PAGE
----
WTRF: The chemical reason behind the winter blues of Seasonal Affective Disorder

Our thanks to reporter Colin Roose and local news station WTRF for interviewing Wendy Ralston, Clinical Manager, Behavioral Health Services, Trinity Health System, on seasonal affective disorder (SAD). An excerpt from their story is below.


The holidays are over, the skies are gray, and the temperature keeps dipping down.

It’s a tough time if you’re suffering from Seasonal Affective Disorder, where the winter changes can bring on fatigue and sadness.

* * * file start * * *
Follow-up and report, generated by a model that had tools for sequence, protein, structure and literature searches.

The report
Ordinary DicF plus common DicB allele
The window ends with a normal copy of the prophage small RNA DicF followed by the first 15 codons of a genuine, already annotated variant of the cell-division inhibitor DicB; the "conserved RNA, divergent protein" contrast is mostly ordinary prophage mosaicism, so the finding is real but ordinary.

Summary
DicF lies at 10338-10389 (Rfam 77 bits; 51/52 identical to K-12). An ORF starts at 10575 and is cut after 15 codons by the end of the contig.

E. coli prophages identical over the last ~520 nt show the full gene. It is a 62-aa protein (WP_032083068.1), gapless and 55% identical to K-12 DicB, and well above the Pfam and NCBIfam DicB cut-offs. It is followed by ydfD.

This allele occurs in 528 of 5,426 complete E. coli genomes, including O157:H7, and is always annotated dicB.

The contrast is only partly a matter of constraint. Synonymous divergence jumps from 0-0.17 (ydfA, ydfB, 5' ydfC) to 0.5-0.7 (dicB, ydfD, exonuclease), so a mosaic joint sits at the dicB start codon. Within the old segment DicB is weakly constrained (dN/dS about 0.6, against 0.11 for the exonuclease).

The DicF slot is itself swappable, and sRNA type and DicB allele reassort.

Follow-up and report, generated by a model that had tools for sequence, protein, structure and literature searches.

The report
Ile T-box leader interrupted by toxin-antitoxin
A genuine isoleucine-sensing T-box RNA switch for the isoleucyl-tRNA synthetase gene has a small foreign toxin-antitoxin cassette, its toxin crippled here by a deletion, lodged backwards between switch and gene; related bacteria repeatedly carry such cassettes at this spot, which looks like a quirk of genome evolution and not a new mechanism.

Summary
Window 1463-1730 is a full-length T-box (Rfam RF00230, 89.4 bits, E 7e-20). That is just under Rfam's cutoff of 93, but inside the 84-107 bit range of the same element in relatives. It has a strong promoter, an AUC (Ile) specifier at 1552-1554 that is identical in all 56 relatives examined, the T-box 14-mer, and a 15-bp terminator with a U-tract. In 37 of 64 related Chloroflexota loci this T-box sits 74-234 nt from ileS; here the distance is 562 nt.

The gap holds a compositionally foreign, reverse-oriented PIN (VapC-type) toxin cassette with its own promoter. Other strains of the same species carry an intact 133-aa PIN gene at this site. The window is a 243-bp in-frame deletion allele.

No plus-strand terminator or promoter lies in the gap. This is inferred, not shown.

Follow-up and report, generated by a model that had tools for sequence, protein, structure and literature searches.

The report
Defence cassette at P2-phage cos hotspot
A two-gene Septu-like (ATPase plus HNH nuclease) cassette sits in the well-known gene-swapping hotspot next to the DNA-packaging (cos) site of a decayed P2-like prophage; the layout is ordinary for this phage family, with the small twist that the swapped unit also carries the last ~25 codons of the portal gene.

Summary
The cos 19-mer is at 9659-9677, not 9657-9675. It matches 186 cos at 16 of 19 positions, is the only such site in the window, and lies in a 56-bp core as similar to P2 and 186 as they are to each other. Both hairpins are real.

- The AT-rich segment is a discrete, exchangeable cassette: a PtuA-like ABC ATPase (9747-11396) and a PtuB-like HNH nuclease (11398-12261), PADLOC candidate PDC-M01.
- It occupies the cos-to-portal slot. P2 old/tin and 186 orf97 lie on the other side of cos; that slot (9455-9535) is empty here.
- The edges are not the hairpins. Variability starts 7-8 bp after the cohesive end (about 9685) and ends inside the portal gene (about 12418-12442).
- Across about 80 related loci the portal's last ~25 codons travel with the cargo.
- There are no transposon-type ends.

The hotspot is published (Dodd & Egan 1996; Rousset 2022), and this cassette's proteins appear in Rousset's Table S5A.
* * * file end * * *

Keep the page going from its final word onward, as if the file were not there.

However, according to Trinity Health, fixing a simple chemical imbalance could mean a happier January.

“Seasonal affective disorder has a lot to do with the increased darkness and the and the increased dark hours in the day. So if you can just sit by a window and read, exercising by the window, a lot of that will just help increase the serotonin levels as well. And so anything that you can do to get any natural sunlight.” — Wendy Ralston, Behavioral Health Services Director, Trinity Health System


You can see the entire report by clicking here.